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Clarion Congress & Hotel, Comet


Carol Kyle and Dominic Duckett.

The James Hutton Institute


Topic: Constraints to increased livestock production on small farms in Scotland

Keywords: Food and Nutrition security (FNS), Small farms, livestock production, Scotland


The Horizon 2020 project SALSA (Small, farms, small food businesses and sustainable food and nutrition) aims to enhance food and nutrition security (FNS) by promoting enabling mechanisms whereby small farms can increase their contribution to local food systems. Using a food systems perspective, the project looks beyond production capacity and investigates food security in terms of the availability of nutritious and safe food, food access and control, food utilisation, and food stability. This paper highlights two case studies exploring the opportunities and challenges around livestock production on a small scale in Scotland. Researchers interviewed 35 smallholders and crofters who farm < 10ha in two NUTS 3[i] scale regions of Scotland. UKM27 Perth & Kinross and Stirlingshire, and UKM63, Lochaber, Skye & Lochalsh, Arran & Cumbrae and Argyll & Bute.

Small farms at this scale contribute between 1% – 4% of the total beef and lamb produced in these regions and are frequently labelled a lifestyle choice rather than a lucrative commercial enterprise because they are often economically unsustainable at the household level unless supplemented by an additional income (e.g. pension or full-time employment out-with the livestock business). However, many respondents acknowledged the potential for greater production and SALSA findings point to significant opportunities for greater contribution to FNS.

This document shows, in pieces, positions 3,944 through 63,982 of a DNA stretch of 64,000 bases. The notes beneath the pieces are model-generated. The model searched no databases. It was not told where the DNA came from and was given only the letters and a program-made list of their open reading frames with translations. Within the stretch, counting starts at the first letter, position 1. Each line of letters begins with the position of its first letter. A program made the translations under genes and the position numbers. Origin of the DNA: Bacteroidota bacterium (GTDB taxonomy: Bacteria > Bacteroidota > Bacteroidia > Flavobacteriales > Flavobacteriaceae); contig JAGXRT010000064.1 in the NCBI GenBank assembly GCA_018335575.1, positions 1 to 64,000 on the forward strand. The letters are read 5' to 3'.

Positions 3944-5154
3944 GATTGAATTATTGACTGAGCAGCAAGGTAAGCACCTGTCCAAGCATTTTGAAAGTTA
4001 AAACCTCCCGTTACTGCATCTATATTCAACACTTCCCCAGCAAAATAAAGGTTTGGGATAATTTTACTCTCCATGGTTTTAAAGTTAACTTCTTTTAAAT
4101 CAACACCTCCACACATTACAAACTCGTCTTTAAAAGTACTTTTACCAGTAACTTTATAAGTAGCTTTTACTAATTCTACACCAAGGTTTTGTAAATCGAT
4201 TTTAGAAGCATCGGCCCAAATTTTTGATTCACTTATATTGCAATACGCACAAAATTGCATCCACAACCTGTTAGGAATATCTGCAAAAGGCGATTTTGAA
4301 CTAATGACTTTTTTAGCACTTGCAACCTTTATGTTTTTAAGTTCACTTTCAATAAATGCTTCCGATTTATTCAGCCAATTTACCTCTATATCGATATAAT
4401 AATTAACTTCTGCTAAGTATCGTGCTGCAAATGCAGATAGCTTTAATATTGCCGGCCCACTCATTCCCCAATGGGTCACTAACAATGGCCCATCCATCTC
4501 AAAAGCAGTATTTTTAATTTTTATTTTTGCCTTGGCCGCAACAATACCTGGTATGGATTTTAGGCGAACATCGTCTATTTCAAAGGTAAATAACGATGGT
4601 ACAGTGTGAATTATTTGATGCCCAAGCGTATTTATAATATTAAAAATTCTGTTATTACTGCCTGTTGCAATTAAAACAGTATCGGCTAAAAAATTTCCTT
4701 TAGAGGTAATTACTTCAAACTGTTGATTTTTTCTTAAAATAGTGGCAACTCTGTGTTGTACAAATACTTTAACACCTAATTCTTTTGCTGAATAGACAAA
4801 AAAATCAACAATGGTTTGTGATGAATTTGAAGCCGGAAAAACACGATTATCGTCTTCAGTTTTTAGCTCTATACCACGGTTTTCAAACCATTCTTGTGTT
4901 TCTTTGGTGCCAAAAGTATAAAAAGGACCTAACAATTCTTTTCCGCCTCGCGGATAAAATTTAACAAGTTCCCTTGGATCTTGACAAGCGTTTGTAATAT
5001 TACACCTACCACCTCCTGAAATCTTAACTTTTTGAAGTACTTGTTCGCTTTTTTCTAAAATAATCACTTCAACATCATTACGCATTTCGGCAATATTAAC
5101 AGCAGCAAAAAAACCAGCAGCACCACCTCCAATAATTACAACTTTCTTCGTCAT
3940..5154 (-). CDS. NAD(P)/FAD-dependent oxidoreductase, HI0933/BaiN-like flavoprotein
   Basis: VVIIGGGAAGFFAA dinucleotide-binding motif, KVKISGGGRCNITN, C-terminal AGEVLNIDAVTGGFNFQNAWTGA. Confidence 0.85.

Small livestock farms in Scotland typically produce products with the following characteristics; added value by specialising in heritage breeds, for example, Highland cattle and Hebridean sheep; geographical provenance which facilitates entry to the growing market for locally produced food; animal welfare and organic principals which differentiate their products from mass-produced, lower priced alternatives and environmental principles which makes them ‘greener’ than some larger producers and well placed to assist in a sustainable rural transformation. Furthermore, small scale is often said to facilitate agility when reacting to changing demands in production.

In addition to economic constraints, barriers to increasing livestock production were said to include a subsidy system thought of as “more trouble than it’s worth”; an increasing lack of easily accessible abattoirs; a shortage of available and more importantly, affordable, land for new entrants and the fickleness of the market.

Using a food – systems approach we examined relevant governance systems related to the organisation of small livestock farmers and associated food chains to provide tools to guide decision-makers in enhancing the contribution of small farms and food businesses to food and nutrition security. 

[i] Nomenclature of Units for Territorial Statistics -level 3

Go back to the workgroup WG 26